Adaptive optics is a technique used in modern astronomical observatories to compensate the effect of atmospheric turbulence. The atmospheric turbulence varies so rapidly that the wave front phase measurement must be done in milliseconds.
The incoming light from any celestial object is emitted in every direction, this is equivalent to a spherical wave front. The distance to any deep space object is so large that we, from Earth, receive a small patch of the spherical wave front, this patch can be considered perfectly flat.
This is only true before the light encounters the atmosphere, once the flat wave front propagates through the atmosphere this situation changesdrastically. Optically, the atmosphere is very far from an uniform and crystalline media. The air density, temperature and speed is not constant, it varies rapidly, typically in the order of milliseconds. These effects are commonly known as atmospheric turbulence.
The overall effect of the atmosphere turbulence is that the perfectly flat wave front that we had in free space is now a “rough” surface, known also as aberrated wave front. This means that light rays does not travel in parallel to each other anymore, they are now diverging o convergingin a random way.
What is the effect of this aberrated wave front in the image of an object? The resolution and contrast is severely damaged.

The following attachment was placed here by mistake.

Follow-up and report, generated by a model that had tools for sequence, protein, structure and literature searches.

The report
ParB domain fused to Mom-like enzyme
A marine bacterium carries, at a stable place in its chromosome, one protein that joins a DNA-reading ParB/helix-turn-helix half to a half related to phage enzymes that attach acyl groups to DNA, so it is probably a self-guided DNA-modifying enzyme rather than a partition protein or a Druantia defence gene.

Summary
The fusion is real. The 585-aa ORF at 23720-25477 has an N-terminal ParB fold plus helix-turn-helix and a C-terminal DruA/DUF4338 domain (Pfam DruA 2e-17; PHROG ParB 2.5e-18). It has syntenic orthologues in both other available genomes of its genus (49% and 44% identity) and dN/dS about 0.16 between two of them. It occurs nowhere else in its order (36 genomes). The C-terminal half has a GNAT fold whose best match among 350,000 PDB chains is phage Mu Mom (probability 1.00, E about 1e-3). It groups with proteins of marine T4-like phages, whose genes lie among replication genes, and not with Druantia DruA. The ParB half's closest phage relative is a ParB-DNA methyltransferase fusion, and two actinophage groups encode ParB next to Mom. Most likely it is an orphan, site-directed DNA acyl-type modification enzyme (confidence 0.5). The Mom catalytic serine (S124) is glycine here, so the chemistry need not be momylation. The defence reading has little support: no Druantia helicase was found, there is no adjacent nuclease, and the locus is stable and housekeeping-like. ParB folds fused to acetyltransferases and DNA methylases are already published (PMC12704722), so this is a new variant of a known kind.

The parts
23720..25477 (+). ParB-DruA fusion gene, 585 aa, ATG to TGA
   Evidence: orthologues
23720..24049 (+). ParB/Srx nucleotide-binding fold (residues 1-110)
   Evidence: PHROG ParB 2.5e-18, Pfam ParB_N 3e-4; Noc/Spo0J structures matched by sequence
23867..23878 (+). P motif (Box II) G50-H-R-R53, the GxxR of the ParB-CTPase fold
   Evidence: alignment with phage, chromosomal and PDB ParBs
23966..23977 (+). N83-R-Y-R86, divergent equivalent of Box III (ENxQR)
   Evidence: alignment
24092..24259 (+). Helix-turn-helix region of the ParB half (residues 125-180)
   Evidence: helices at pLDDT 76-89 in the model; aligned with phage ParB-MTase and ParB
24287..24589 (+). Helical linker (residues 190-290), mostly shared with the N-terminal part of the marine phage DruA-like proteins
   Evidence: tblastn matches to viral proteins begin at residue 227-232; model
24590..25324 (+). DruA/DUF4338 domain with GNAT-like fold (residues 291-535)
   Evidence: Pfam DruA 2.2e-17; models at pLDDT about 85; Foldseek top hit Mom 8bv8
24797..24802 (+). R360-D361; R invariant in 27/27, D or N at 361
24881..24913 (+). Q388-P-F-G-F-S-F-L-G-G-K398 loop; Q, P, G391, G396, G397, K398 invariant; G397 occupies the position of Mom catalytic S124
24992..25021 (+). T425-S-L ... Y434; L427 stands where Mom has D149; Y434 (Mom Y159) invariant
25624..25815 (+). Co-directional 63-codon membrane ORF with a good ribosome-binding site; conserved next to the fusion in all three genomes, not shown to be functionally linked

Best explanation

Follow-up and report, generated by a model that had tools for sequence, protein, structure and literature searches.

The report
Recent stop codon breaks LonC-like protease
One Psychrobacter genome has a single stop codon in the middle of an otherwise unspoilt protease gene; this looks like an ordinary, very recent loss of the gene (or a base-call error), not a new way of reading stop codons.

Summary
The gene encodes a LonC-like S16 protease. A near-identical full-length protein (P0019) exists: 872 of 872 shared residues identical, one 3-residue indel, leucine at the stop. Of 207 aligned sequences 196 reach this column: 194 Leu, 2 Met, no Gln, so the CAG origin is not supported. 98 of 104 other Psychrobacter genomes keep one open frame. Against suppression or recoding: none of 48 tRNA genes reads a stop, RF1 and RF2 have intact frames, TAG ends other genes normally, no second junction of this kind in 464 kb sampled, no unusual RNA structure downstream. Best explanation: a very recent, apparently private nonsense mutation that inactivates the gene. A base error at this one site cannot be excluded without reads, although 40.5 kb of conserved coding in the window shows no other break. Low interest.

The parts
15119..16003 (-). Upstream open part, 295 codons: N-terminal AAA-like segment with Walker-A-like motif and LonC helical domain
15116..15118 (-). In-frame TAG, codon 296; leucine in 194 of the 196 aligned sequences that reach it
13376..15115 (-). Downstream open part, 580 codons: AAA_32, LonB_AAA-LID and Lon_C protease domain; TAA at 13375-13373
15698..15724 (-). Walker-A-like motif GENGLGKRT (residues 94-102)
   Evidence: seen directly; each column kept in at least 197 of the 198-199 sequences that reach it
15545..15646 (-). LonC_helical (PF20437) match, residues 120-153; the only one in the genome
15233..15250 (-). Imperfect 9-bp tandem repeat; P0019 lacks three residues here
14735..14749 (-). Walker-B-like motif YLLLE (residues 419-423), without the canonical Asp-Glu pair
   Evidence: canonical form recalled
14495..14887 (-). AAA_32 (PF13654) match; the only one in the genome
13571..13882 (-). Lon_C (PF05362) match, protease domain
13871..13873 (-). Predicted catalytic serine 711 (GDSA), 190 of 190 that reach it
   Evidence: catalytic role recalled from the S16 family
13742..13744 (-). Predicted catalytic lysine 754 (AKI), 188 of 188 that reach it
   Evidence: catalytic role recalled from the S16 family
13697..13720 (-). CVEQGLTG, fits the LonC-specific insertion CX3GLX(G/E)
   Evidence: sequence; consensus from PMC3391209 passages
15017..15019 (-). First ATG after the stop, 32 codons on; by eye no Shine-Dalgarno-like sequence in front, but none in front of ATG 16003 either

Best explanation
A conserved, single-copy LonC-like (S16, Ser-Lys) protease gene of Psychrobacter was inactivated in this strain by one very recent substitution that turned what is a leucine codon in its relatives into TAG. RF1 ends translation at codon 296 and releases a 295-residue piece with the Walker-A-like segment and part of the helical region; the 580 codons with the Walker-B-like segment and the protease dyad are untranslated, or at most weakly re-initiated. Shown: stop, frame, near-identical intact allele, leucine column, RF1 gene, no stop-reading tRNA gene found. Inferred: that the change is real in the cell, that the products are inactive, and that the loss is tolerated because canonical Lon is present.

The solution to this is Adaptive Optics, is the solution to achieve extremely high resolution and constrast from Earth based astronomic observatories.
In every Adaptive Optics system exist a deformable mirror, this device can basically correct the aberrated wave front by simply adopting the opposite shape of the wave front. Once the wave front is flattened the light can be focused onto a science instrument for imaging or spectrography purposes.
In this description lacks the most important part of an adaptive optics system: the wave-front sensor. The wave front sensor task is to measure as accurately as possible the wave front in order to command the deformable mirror in an appropriate way.
Most common wave front sensor is the Shack-Hartmann, this device is a “hardware” wave front sensor, this means it needs specialized optical elements along with an imaging sensor to measure the wave front. This element is a micro lens array, each of these micro lenses will produce a small spot whose position is proportional to the mean wave front shape over the micro lens extent.
A Shack Hartmann sensor effectively samples the wave front in as many points as microlenses it has. Meaning that, for example, a Shack-Hartmann comprising 32x32 microlenses will be only capable of measuring a wave front with a resolution of 32x32 points.
This has been the standard in Adaptive Optics for many years, although it has achieved great succes with 4 or 8 meter class telescopes, the next generation of Extremely Large Telescopes needs more resolution. This was our main motivation in Wooptix, to develop a wave front sensor without resolution limitations.
Wooptix WFP only requires a bare imaging sensor to measure the wave front, removing micro lenses has the advantage of virtually no resolution limit. The only limiting factor for the wave front resolution is the pixel count in the imaging sensor. Wooptix WFP can be seen as a “software” sensor, as the wave front reconstruction is done entirely by processing the data and not by an external passive component.
Our technology has been proven with great success in the AOLI instrument, this is a demonstration of the high frame rate and accuracy of Wooptix WFP: